10.2 Jerusalem’s Between the Sheets

1 Aug

The usual recipe for this cousin of the Sidecar calls for brandy and rum. For no other reason than that I wanted to include Charles Baker’s tale of his introduction to the drink, I followed instead the formula outlined in his Gentleman’s Companion and supposedly taken from the “bar book of Weber at the King David” in Jerusalem. This concoction, “already quite famous throughout the near east”, requires gin instead of rum and in practice is too similar to a Sidecar to count as a separate cocktail here. Anyway, here’s Baker’s story, compellingly idiosyncratic as always, and evocative of the power of the cocktail to set the world to rights. Or at least to cure the sniffles.

We ran into it one dank day of sleet and rain in early January, just after the first Arab-Jewish riots which started with a murder of a poor old man stoned to death in a Haifa melon patch, between halves of a soccer match! and had just reached a climax beside the Dome of the Rock mosque—which has religious significance for both Arab and Jew, and unfortunately overhangs the famous Jewish Wailing Wall. We won’t go into the politics of the thing, but it was a nasty mess, with British Tommies in the streets finally, and machine guns and barbed wire entanglements—all the modern civilized show . . . We were disillusioned at all this wholesale murder in Christianity’s own heart city, sad at the sight of a fifteen year old Arab girl—the daughter of a fine Arab friend—crushed under a heavy slab of masonry tossed from a rooftop as she returned from worship after the end of Ramadan—the Mohammedan Easter—and we were wearied at the thought of the drawn knives, the murder from ambush which would follow all this blood debt throughout Palestine. We had both sinuses pounding, were coming down with definitely something, as well—when in the weird, almost Egyptian-looking sanctum of the King David Weber took charge; first with a hot rum toddy, then—on evidence of renewed life—with the following origination. Of cognac, cointreau, dry gin and lemon juice—strained—take equal parts. Shake briskly with lots of cracked ice and serve in a Manhattan glass.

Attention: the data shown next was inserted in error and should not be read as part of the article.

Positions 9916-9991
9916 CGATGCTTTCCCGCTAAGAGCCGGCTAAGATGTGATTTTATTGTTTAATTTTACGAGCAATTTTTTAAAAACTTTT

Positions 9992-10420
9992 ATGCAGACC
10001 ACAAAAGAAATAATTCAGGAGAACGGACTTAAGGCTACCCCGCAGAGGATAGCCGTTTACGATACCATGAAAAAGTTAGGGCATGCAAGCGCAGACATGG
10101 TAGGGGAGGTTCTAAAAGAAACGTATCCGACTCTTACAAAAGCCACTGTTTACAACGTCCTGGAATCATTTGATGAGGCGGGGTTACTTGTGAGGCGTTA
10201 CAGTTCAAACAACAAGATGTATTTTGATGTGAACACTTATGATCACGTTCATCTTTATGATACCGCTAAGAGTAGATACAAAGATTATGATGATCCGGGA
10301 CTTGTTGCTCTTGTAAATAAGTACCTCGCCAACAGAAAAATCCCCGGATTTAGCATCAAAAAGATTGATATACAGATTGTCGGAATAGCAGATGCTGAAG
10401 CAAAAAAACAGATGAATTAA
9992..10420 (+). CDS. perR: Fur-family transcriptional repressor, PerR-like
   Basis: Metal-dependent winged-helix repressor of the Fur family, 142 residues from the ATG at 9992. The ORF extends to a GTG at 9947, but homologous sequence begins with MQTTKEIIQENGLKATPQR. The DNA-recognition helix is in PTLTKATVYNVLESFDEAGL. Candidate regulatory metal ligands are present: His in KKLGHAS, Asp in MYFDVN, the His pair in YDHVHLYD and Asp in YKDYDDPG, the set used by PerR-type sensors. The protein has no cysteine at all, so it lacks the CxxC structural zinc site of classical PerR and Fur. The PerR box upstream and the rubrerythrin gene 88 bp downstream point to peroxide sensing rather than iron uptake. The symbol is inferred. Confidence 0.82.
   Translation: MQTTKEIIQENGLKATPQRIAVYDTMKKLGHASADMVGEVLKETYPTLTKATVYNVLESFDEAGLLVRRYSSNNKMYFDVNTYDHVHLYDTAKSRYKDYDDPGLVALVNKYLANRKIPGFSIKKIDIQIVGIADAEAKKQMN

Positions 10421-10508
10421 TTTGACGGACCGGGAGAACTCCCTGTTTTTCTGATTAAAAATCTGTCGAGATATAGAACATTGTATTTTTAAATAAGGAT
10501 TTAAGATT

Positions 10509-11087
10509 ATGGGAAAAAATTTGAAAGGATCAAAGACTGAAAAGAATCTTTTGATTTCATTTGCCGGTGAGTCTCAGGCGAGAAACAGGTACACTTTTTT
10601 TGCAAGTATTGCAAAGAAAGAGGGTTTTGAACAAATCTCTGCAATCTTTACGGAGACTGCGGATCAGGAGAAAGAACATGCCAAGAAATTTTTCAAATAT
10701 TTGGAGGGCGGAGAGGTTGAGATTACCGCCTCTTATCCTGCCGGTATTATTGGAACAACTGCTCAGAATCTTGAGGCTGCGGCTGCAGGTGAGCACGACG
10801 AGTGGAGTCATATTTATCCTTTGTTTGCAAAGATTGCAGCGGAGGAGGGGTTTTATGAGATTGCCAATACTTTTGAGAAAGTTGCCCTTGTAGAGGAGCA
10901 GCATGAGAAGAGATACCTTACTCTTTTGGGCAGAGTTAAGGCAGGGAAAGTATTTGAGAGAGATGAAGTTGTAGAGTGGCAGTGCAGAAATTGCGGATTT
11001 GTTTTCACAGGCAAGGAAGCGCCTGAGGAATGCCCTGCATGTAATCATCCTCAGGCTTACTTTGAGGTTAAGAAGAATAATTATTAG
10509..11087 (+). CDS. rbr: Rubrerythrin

— Charles H. Baker, Jr., The Gentleman’s Companion, vol. 2: Around the World with Jigger, Beaker, and Glass (New York: Crown, 1946 [1939]), p. 17.

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